"My brain functions differently"

Informing a child that they have a disability is a caregiver or parent's choice.  This is usually not completely accomplished in one conversation and may take months for the child to understand their disability, the challenges that accompany it, and the positive aspects. While your intentions may be to normalize differences and communicate that they will always be loved and supported, initially your child may not hear anything past the disability, may deny the very idea, or may have known something was wrong all along.


What happens next vastly depends on your child's cognitive and communication abilities and motivation. One blatantly clear thought is that you don't want your child to use the disability as an excuse for attention or escape from less preferred activities. The S.E.B.S. Brainery offers support groups for children who have recently discovered that they have a disabling condition. Being around other students who have had similar experiences can be comforting, promote acceptance positively, and even motivate and develop self-confidence.  ​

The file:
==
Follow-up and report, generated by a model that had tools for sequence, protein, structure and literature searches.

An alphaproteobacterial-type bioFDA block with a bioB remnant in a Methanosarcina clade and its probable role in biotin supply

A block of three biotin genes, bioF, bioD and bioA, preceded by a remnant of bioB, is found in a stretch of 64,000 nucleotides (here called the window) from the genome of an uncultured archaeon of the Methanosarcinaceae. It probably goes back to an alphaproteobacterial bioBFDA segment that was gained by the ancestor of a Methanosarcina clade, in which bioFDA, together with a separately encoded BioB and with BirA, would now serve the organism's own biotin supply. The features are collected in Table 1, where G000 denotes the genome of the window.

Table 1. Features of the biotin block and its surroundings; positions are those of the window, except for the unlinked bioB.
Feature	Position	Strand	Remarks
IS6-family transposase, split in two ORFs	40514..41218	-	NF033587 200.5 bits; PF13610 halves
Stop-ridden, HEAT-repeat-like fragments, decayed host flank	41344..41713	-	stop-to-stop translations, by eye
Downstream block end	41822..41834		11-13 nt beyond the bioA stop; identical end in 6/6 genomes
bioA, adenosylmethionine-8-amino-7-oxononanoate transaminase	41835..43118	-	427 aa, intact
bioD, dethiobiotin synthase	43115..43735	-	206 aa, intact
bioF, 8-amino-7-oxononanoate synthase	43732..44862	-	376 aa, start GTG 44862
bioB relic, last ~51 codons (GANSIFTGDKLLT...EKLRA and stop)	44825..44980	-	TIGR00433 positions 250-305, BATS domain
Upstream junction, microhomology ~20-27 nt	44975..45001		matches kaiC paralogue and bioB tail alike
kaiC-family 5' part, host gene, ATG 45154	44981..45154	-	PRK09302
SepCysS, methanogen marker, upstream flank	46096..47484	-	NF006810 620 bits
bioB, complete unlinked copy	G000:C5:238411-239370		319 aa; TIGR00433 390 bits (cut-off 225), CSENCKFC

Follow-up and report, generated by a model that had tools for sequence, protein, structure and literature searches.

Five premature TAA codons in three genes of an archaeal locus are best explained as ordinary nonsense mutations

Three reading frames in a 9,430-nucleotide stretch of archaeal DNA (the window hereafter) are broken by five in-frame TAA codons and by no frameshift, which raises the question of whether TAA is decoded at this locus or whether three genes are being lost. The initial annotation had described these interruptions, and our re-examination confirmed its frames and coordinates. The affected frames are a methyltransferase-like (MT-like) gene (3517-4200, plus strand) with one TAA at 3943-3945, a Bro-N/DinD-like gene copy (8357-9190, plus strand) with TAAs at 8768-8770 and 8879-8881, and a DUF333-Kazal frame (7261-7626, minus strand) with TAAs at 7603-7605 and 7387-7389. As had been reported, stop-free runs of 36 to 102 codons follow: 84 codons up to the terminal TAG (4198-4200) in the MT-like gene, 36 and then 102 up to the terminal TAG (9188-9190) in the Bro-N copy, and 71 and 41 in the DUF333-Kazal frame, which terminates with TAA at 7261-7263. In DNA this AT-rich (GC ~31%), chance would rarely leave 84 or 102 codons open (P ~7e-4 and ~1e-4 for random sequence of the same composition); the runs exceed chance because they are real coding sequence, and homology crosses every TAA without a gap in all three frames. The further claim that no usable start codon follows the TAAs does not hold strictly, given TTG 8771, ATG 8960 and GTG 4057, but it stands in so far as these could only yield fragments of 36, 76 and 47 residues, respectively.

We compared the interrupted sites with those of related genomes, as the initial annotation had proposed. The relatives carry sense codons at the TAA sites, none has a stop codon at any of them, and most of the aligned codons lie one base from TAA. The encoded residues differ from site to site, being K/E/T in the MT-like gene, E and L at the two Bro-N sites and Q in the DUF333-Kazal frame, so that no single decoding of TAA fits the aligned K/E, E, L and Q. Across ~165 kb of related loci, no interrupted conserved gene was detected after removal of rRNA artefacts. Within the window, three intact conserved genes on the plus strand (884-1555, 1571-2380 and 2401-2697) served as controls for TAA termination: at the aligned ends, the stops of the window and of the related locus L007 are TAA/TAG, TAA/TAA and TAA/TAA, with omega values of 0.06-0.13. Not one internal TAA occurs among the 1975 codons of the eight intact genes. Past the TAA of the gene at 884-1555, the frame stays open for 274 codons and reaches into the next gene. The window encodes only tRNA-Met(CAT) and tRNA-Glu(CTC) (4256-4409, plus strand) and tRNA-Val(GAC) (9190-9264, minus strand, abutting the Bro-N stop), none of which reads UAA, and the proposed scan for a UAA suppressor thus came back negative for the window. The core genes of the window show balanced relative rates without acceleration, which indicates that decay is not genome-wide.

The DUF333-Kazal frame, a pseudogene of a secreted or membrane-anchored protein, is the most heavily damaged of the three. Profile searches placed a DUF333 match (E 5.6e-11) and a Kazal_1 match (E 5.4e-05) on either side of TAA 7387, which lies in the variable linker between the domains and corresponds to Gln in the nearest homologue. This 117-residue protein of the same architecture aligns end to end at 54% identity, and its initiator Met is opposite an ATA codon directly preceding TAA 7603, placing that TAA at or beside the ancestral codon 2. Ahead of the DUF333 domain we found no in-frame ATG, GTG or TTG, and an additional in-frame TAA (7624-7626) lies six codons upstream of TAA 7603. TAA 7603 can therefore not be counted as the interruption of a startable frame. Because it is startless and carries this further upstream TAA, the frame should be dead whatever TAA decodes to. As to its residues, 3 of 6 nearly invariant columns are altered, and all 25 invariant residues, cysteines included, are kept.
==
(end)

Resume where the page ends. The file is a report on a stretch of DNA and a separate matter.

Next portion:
Targets of these groups have included;

  • Demystifying daily struggles

  • What a disabling condition is and is not

  • Here's what you can say when others ask about your disability-the short version and the long version. 

  • Different is not bad it's different

  • Bullying & teasing, on the receiving end or dishing it out

  • Who am I? personality traits

Caregiver Forums

Parent forums can serve a variety of purposes, including counseling, resources for the future, emotional support, educational advocacy and support, networking opportunities, community services, and escaping your demands to help others. Support forums can help caregivers navigate along a path they never imagined.  From encountering pitfalls to positives, failures to successes, unknowns to blatantly clear. Meeting other parents living similar lives, experiencing similar situations, feeling, and facing similar truths can be positively life-altering. Past participants have worded their experiences as, "Comforting," "Enabling," "Strengthening," "Accepting," "Motivating," "Reassuring," "Uplifting," "Grounding," "Escaping," and "Liberating".  

Support forums currently offered at the SEBS Brainery include:

  • Refresher on executive functions

  • Executives and their special needs family

  • Dads, dads, only dads

  • Grandparents want to help

  • Resource night.... with a caveat 

  • Why, when, where, what to tell your child about their